Bray-Ali apologized, telling LAist: "Looking back on the comments, I’m embarrassed and ashamed." He was somewhat less contrite speaking to the L.A. Times, telling the publication, rather unconvincingly: "Many of the things that I wrote, I didn’t even believe them when I wrote them. ... I was trying to have an argument with racists online. I found a place where they go and I tried to spark an argument with them.”
L.A. Weekly has since learned about comments Bray-Ali appears to have made on the Red Pill Network, a men's rights section of Reddit (founded by a New Hampshire state legislator!). Most of his comments were inoffensive, though not all of them, and added to the general picture of a guy who was all too comfortable spending time conversing with some of the internet's more odious characters (as well as a guy who spent way too much time on the internet).
The most recent revelations about the candidate came Friday morning from Bray-Ali himself. In a Facebook post, he admitted to owing around $48,000 in back taxes and wrote: "I slept with several other women from 2011 to 2014. Not my wife. For a time I even had a Tinder profile."
What might have been intended as a mea culpa looked more like a public meltdown. Even worse, a serious transgression — cheating on his wife for three years — was flippantly shoehorned in between other, less serious infractions, as if they all fell under the same rubric of "I'm not perfect."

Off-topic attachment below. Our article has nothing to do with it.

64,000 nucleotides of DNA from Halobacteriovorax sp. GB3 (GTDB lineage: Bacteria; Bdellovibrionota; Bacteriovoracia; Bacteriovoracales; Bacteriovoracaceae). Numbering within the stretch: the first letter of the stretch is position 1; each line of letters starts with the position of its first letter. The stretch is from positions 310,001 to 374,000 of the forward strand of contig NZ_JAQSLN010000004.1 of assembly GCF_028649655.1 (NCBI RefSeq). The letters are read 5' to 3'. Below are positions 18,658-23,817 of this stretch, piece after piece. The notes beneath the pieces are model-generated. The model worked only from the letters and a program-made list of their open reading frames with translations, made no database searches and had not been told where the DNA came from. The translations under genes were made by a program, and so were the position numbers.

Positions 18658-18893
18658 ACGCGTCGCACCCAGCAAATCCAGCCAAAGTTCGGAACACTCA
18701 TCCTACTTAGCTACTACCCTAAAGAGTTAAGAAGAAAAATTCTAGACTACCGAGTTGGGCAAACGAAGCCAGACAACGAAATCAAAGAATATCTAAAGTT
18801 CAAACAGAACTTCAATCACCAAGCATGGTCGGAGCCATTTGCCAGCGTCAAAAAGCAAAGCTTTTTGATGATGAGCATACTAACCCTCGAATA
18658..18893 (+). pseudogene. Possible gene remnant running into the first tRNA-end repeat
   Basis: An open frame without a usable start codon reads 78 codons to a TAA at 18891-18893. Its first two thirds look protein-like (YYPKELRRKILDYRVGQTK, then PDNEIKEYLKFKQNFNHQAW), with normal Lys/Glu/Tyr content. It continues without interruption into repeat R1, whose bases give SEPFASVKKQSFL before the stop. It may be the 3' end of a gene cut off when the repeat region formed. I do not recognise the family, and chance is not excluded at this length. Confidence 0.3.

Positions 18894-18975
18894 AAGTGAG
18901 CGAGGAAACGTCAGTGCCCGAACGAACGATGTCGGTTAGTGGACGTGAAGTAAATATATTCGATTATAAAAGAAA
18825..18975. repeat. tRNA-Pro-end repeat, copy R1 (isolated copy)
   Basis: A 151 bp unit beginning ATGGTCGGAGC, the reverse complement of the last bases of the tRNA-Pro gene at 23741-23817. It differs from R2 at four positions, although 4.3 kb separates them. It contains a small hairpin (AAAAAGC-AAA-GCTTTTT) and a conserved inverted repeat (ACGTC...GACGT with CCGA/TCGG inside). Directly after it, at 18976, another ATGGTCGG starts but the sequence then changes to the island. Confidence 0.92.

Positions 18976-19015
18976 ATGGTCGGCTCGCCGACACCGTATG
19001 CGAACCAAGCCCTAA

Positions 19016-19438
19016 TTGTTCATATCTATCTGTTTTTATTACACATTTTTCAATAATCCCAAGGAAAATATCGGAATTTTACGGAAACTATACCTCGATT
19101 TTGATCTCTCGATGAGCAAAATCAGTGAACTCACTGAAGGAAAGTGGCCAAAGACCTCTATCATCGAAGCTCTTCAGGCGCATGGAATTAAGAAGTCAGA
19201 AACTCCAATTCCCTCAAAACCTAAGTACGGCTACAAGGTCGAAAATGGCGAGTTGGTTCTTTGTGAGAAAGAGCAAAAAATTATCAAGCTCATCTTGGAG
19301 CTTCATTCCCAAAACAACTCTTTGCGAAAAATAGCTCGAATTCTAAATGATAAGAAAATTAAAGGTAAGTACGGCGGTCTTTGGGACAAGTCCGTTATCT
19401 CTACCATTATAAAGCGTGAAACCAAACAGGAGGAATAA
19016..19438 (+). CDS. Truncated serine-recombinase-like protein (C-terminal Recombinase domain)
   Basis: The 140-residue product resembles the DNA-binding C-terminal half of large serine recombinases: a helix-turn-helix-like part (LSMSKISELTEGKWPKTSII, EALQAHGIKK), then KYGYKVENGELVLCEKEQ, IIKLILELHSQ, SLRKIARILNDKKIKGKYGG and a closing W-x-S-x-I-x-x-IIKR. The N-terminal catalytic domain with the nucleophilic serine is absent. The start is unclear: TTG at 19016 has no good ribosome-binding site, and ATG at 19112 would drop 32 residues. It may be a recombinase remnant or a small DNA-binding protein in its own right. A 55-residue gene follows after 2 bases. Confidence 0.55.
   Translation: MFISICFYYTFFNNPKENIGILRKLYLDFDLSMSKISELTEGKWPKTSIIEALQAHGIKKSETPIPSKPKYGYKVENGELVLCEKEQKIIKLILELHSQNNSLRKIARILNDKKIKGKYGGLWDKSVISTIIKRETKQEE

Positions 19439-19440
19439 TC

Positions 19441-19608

Bray-Ali called the succession of "social media scandals" a "distraction from what this election is about and not a reflection of who I am as a person. They are a verification that I am a human being with flaws, like everyone." He made it clear he was staying in the race, even though he'd lost his most prominent supporters, including City Councilman Mitch O'Farrell, the Los Angeles Times' editorial board and the East Area Progressive Democrats.
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"I knew Joe’s public persona, his public policy positions," says Jesse Creed, who himself challenged City Councilman Paul Koretz and lost, and who was supporting Bray-Ali until recently. "But this revealed a different side of Joe, and I was deeply disappointed by it. I went out on a limb for an underdog, and in some ways, we all felt duped. I was disappointed, not only by what Joe did in terms of going to those websites and legitimizing the conversation but even more so by what seemed like such a juvenile response, going on Facebook and saying things like, 'I also slept with other women.'"
Maybe the lesson is simply: Being an asshole online is just as bad as being an asshole in real life. So don't be an asshole. Especially if you run for office.
Bike activists are split on whether to continue supporting Bray-Ali. The group Bike the Vote rescinded its Bray-Ali endorsement; prominent activists including Damien Newton and Don Ward have done the same. Activist Joe Linton says he's still supporting Bray-Ali and tries to put a positive spin on the whole affair.
"I think that the process that happened last week of debating and retrenching is healthy for the bike community," he says. "It’s a debate we should have."